d. Office of Laboratory Animal Welfare (formerly OPRR)
2. Silver Springs Monkeys and U Penn's head injury studies.

 Bioethics, animal research and ethical theory. ILAR 40 (1): 015.
Overview of animal ethis - similar to "Roots of Concern"
Utilitarianism - an action is right if and only if it produces a better balance of benefits and harms than available alternative actions (looks at the consequences of our actions).
Speciesism - coined by Singer; humans cannot discriminate against animals, or privilege humans, merely because they belong to a particular species.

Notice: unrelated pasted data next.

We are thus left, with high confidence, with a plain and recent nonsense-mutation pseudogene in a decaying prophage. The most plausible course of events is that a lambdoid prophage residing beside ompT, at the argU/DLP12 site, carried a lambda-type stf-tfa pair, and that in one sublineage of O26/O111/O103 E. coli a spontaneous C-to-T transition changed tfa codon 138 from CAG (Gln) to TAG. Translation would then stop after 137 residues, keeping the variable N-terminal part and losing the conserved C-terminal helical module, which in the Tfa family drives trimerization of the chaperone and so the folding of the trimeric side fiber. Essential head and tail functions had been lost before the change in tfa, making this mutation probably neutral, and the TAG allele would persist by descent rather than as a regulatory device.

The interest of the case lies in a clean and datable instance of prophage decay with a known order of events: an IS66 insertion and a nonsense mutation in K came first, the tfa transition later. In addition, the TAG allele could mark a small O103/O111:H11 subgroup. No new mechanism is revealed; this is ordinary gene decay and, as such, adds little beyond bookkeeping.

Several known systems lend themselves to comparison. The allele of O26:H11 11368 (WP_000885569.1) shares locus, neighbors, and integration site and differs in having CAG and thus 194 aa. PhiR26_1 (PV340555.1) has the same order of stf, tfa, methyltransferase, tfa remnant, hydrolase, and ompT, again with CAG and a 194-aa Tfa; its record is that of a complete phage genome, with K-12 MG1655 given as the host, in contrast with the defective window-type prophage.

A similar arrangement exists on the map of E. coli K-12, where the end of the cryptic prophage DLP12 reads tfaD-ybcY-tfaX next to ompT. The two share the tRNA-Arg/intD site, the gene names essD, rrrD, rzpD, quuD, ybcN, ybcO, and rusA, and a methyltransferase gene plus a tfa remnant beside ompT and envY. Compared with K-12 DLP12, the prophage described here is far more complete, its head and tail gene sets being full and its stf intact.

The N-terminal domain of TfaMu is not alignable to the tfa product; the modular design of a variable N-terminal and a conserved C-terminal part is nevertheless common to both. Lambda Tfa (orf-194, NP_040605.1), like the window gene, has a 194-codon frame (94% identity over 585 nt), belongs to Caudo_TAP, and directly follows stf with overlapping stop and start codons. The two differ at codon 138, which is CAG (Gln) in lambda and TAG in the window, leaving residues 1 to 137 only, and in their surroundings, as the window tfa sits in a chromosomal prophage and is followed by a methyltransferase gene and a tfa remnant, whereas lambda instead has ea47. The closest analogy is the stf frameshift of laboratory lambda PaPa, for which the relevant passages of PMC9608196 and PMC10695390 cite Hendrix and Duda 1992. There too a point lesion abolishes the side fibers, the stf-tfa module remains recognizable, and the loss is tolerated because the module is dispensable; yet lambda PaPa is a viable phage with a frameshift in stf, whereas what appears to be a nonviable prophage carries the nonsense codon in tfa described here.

Deontology - insists that some actions may be right even if the consequences are not good, or as good as they could be, while other actions are ethically wrong even though they would produce good consequences (ie. lying to you even if it would make both of us happy). Also called Kantian theory or rights based theory.
No questions

 How and Why animals matter. ILAR 40 (1): 022.